264 pp., 6.125 x 9.25, 19 halftones, 1 figs., 4 tables, notes, bibl., index
Hardcover ISBN: 978-1-4696-2734-2
Published: May 2016
eBook ISBN: 978-1-4696-2735-9
Published: February 2016
Buy this Book
Free E-Exam Copies
Awards & distinctions
2017 Smithsonian Secretary's Research Prize, Smithsonian Institution
Drawing on hundreds of diaries and letters of diverse young Americans--from barmaids to belles, sharecroppers to cowboys--this book explores how exuberant young people and scheming party bosses relied on each other from the 1840s to the turn of the twentieth century. It also explains why this era ended so dramatically and asks if aspects of that strange period might be useful today.
In a vivid evocation of this formative but forgotten world, Jon Grinspan recalls a time when struggling young citizens found identity and maturity in democracy.
About the Author
Jon Grinspan is a historian of American democracy, youth, and popular culture. He is a curator of political history at the Smithsonian's National Museum of American History and a frequent contributor to the New York Times.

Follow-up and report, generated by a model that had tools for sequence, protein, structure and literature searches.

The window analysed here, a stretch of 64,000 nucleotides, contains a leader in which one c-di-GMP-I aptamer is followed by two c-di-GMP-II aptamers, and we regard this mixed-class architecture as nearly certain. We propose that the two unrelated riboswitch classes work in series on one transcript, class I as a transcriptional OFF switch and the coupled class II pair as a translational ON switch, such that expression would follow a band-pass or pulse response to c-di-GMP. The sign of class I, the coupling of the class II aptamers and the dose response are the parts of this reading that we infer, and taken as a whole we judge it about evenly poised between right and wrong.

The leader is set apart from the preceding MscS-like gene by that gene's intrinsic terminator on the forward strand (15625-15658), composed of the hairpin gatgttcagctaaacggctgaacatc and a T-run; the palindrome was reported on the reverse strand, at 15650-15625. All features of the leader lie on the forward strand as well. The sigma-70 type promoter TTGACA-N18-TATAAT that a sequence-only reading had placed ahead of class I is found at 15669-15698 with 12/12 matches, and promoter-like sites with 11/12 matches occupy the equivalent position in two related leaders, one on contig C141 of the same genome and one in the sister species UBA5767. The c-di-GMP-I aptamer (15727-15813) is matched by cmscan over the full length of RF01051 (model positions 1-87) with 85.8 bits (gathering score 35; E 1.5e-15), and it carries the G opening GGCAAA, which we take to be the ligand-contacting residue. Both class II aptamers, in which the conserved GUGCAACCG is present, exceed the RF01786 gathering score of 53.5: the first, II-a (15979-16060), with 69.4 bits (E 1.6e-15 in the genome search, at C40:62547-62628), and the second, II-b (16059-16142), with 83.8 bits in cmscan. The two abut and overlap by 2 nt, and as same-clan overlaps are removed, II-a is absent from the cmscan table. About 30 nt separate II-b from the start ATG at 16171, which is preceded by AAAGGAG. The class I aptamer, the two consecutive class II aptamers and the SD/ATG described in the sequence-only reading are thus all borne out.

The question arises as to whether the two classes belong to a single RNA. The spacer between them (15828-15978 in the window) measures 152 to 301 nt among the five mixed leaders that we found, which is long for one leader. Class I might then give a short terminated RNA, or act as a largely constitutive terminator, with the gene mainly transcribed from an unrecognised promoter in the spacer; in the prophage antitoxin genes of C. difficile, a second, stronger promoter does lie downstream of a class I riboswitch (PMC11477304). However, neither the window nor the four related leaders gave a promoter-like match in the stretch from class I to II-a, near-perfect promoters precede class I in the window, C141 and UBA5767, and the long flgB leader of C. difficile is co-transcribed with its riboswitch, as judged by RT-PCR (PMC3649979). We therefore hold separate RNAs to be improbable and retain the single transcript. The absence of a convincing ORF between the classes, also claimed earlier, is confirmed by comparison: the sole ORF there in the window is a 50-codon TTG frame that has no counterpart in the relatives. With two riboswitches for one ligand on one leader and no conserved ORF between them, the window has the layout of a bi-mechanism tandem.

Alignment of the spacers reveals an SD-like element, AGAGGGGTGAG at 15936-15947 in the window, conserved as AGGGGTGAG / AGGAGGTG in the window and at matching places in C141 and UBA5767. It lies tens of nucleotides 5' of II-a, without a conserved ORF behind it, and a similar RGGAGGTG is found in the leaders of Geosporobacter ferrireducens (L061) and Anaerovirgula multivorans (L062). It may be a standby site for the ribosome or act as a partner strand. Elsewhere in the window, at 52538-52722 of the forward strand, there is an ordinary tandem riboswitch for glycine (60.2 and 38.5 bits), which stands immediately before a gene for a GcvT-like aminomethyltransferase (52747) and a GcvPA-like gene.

For more information about Jon Grinspan, visit the Author Page.
"[A] period chronicled in vivid and loving detail. . . . Plunges readers into a pulsating political culture long vanished."--Wall Street Journal
"A useful historical look at how strong the youth demographic can be."--Kirkus Reviews
“Readers will learn about some of the forces that brought Abraham Lincoln to office and shaped the United States’ post-Civil War political scene.”--Civil War News
“Mining the diaries and letters of young Americans, the author creates revealing vignettes of 19th century politics and American youth. Recommended.”--CHOICE
"[A] pithy and thought-provoking work. . . . Offer[s] a sensitive and illuminating overview of the vital role of young voters in America's nascent political party system."--Civil War Book Review
“Provid[es] new insight into the history of politics and that of youth. . . . Engagingly written, peopled with varied archival voices, and would work well in classrooms at the undergraduate or graduate level.”--Journal of the Gilded Age and Progressive Era